Experts from the glass, paper, plastics and organics recycling sectors discussed and debated the current status of EU end of waste criteria at the End of Waste and Quality Protocols Conference in London last week. (30th January).
At the event, organised by letsrecycle.com, concerns were raised about the quality of materials, cross-border variations in rules and regulations and that the status for glass is only eligible when used in remelt. Regulations are currently in place for iron, steel and aluminium scrap and glass cullet, with a number of other materials currently being addressed.
Session one addressed regulation and policy, with Fiona Ross, Associate at Pinsent Masons, speaking about the legal aspects of end of waste, including practical issues when making an end of waste case.
This was followed by the regulator’s perspective from Roger Hoare, Environment and Business Manager at the Environment Agency. Practical guidance on how to achieve end of waste was provided by Diana Bradford, senior team leader from the EQual programme. This service provides organisations with web tools to help them assess whether waste derived materials can achieve end of waste criteria, supported by field trial examples.
Session two addressed issues relating to specific materials, followed by a panel debate chaired by 360 Environmental’s Phil Conran. Stuart Pohler, Recovered Paper Sector Manager at the Confederation of Paper Industries, outlined why he welcomed the vetoeing of the legislation for the paper sector, due to concerns about a reduction in quality and recycling rates. Ulrich Ix, President of the European Federation of Glass Recyclers, spoke about logistical issues across country borders since glass cullet has been included in the regulations, whilst highlighting that benefits have outweighed concerns.
Nina Sweet OBE, Organics Sector Specialist from WRAP, reviewed the current situation with regard to biowaste, which is currently under EU consultation. Her presentation came on the same day that a quality protocol for biomethane was launched. A number of quality protocols are available for various waste streams, under a joint Environment Agency and WRAP initiative to help organisations turn waste into resource.
In session three, Peter Davis, Director General from the British Plastics Federation, spoke about two main issues for the plastics sector, which is currently under end of waste consideration. These were the limit level for non-plastics contamination – which has been set at 2% – and the content of substances of very high concern (SVHC) and hazardous waste input.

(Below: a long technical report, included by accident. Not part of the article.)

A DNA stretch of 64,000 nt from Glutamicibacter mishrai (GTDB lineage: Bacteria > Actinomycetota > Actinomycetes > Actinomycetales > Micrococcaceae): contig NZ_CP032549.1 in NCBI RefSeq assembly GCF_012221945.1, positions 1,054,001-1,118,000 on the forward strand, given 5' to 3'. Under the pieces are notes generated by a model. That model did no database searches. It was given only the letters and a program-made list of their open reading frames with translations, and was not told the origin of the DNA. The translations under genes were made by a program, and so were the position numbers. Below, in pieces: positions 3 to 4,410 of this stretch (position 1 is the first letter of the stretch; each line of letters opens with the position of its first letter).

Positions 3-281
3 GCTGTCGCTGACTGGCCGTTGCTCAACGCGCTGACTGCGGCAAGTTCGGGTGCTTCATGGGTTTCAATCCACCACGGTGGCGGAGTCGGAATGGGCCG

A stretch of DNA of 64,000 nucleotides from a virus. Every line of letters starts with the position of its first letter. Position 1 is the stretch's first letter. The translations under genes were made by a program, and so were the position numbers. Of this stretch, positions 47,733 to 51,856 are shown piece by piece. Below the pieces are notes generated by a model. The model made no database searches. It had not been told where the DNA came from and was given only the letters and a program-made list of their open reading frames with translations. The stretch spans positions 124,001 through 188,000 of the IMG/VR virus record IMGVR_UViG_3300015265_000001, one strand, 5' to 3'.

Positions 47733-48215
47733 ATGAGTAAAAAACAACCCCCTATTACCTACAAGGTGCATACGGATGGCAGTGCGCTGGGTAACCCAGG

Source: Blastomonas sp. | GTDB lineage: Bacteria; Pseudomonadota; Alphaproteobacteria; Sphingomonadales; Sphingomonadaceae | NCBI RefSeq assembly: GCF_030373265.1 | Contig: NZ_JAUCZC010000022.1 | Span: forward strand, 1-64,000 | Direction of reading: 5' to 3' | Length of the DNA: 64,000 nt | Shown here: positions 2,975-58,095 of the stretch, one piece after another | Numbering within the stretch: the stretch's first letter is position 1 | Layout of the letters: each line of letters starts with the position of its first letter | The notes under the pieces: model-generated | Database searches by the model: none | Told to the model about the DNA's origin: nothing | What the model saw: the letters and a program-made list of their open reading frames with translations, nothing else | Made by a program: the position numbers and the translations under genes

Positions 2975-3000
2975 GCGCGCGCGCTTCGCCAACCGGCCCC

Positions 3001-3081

Paul Cauldwell, Business Development Director, IQR Solutions, spoke about quality standards in refuse derived fuels markets. This was followed by a case study from Iris Soler, National Environmental Permitting Manager, Veolia Environmental Services, illustrating work being undertaken to divert waste from landfill.
Throughout the day, delegates were invited to put forward questions which were then raised and debated in session four, looking at how the industry can maximise the potential of end of waste.
Steve Eminton, Editor of letsrecycle.com, who opened the conference, said: "Challenges include how and when waste can qualify as a product and the quality of the material. Our event gave delegates the opportunity to voice pros and cons related to the regulations. Attendees working within waste and recycling, local government, industry forums and those providing industry support services, gained clarification and further insight on what is still a complex and relatively unknown subject."
Environment Media Group manages its own conferences, as well as events on behalf of trade associations and private businesses. The 2014 event calendar is available at http://www.letsrecycle.com/events/events-calendar. For further information, please contact Daniella Jarvie-Thomas at Environment Media Group by emailing firstname.lastname@example.org or telephone 020 7633 4524.